Stone House on the rocks; Little Compton landmark hits hard times

The Stone House and barn are now on the market for $6.9 million. Photo by Tom Killin Dalglish The Stone House and barn are now on the market for $6.9 million. Photo by Tom Killin Dalglish

 

The Stone House and barn are now on the market for $6.9 million. Photo by Tom Killin Dalglish

The Stone House and barn are now on the market for $6.9 million. Photo by Tom Killin Dalglish

LITTLE COMPTON— The 178-year old Stone House at 122 Sakonnet Point Road is up for sale for $6.9 million. It went on the market a little over a month ago, an upsetting turn of events for over a dozen couples with wedding receptions planned there.

Its future is now up for grabs. The Little Compton treasurer’s office says the Stone House owes property taxes for the years 2012 and 2013 totaling $25,407.

Out at the Stone House last Thursday and Friday, locksmiths changed all the locks on the buildings, and a property manager (who declined to give his name) was on the premises inspecting the re-keying job for Rockland Trust, he said.

Rockland Trust, of Rockland, Mass. holds a $5.8 million mortgage on the property, according to a 2013 license renewal application filed with the Town of Little Compton by Round Pond Management Corporation.

Round Pond operates the Stone House, and three of its corporate officers signed the application for four licenses the Stone House was seeking be renewed by the town — Class BV beverage, entertainment, holiday sales, and victualing.

On December 19, 2013, the Little Compton Town Council approved all four licenses, subject to the Stone House’s ability to meet all legal requirements.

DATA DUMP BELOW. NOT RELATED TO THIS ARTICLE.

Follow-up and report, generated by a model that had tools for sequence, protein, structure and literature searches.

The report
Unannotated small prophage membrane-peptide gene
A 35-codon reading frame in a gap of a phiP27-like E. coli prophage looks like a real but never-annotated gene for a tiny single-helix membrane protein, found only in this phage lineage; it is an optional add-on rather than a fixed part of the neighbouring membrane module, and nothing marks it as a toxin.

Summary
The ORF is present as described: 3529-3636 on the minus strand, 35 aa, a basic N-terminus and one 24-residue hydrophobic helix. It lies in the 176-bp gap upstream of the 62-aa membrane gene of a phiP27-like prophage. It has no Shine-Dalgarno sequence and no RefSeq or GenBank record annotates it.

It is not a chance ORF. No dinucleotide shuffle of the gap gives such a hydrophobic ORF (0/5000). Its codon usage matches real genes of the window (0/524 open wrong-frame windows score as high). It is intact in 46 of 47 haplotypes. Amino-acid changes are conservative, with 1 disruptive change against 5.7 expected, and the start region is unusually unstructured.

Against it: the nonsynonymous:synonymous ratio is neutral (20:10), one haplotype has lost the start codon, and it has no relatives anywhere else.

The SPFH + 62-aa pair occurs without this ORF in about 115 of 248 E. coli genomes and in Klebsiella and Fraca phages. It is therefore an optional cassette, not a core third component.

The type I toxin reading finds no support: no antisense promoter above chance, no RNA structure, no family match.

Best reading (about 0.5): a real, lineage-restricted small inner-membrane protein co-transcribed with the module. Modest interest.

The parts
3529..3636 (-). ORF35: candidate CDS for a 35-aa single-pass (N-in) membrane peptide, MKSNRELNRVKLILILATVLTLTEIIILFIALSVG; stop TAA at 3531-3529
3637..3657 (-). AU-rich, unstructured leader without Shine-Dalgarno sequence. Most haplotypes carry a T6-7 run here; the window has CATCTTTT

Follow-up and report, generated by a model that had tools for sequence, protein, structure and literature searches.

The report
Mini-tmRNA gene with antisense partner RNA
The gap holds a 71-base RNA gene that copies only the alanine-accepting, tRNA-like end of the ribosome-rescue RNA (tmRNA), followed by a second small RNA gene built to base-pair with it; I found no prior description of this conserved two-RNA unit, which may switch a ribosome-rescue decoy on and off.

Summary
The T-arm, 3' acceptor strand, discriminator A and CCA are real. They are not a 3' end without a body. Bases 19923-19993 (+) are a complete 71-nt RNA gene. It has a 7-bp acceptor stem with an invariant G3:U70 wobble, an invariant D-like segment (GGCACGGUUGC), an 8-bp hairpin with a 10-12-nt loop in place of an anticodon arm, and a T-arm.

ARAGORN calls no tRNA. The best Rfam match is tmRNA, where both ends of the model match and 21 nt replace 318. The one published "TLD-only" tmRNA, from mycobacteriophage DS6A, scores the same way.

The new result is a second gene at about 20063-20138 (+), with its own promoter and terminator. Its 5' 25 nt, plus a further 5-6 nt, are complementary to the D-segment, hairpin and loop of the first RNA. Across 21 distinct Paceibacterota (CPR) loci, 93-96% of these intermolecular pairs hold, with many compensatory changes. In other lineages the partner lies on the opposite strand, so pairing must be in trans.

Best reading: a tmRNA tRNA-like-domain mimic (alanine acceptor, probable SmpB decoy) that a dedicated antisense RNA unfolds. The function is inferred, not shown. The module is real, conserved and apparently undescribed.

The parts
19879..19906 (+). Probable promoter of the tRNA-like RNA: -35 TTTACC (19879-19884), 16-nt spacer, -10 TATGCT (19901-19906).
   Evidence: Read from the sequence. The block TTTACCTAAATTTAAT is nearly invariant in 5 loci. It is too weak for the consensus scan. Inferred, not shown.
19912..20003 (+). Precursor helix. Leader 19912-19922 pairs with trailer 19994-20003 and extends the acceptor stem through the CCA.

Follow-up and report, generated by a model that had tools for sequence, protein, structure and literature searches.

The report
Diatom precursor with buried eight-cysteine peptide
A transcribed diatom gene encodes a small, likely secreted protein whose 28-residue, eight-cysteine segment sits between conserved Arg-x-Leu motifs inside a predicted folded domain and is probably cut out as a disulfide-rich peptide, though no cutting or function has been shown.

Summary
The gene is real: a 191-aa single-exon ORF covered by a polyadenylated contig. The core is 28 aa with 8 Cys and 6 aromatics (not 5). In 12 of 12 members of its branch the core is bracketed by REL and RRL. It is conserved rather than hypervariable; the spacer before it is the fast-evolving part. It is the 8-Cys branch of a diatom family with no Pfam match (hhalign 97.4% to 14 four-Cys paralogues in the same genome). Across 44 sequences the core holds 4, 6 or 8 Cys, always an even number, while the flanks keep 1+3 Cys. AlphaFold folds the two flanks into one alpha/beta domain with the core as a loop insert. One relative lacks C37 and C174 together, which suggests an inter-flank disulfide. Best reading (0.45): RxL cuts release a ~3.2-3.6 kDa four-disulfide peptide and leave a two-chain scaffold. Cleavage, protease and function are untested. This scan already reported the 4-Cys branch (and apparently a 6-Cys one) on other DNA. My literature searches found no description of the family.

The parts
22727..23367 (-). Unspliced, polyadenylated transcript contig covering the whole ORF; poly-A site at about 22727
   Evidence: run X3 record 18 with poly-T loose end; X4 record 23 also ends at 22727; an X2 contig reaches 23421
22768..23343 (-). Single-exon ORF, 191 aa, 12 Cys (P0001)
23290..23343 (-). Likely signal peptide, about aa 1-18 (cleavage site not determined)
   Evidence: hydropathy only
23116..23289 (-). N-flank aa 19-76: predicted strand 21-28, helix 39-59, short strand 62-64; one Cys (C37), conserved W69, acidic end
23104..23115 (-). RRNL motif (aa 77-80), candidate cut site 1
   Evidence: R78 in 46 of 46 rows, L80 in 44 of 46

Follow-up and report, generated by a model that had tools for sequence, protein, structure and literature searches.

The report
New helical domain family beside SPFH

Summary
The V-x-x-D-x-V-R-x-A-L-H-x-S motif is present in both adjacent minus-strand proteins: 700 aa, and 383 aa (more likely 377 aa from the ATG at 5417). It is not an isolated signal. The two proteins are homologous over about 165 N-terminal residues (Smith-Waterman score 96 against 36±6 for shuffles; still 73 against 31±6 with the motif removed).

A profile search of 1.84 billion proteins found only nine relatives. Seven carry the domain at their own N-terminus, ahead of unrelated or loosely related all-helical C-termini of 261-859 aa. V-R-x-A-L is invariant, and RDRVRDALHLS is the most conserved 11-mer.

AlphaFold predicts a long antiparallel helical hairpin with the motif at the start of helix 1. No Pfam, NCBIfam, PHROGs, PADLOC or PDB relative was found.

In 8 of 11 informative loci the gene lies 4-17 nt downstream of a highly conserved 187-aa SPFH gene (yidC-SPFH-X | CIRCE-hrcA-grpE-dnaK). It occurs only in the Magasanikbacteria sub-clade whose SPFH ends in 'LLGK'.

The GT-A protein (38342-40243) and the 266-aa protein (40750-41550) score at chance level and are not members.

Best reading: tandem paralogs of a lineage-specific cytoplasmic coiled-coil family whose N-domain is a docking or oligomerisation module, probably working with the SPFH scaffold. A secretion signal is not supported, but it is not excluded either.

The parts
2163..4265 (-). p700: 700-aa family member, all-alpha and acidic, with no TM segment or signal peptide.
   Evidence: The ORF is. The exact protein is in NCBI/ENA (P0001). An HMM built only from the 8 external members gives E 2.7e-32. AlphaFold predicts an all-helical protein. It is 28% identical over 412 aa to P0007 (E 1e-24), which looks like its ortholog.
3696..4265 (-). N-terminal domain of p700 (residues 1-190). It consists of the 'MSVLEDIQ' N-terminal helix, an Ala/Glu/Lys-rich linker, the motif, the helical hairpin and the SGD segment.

That didn’t happen. The Stone House was not in compliance, said Town Clerk Carol Wordell, so the licenses have not been issued.

Meanwhile, the mortgage may be in foreclosure, said Ms. Wordell.

She’s been unable to reach the Stone House manager, Ron Lavoie, she said. The phone is disconnected or doesn’t answer.

Contacted for confirmation about the status of the mortgage, Rockland Trust mortgage officer Eric Carlson said, “I’m not at liberty to discuss any of that,” and hung up.

Chan Lyell, of the realtor listing the property — Gustave White Sotheby’s International in Newport — declined to say whether the property is in foreclosure, and said he was unable to provide further information for confidentiality reasons.

Round Pond President Scott Digiacomo did not return phone calls. Frank Tessitore, Round Pond’s corporate secretary (and a lawyer) said through his secretary that he was “unavailable” and declined to say when he would be.

The lack of licenses means that weddings cannot be conducted at the Stone House. Russell Morin Fine Catering of Newport holds an exclusive contract with the Stone House to cater weddings there.

“I started getting bad vibes this January,” said Russ Morin, who heads Morin Catering. “About a month ago I got the word that Rockland Trust had called the note.”

Mr. Morin said he was committed to cater weddings for 13 brides and three or four rehearsal dinners over the spring and summer, so he says he gave the Stone House managers an ultimatum.

“If you don ‘t tell me the place is going to be available this year, I’m going to contact the brides and grooms,” he says he told them.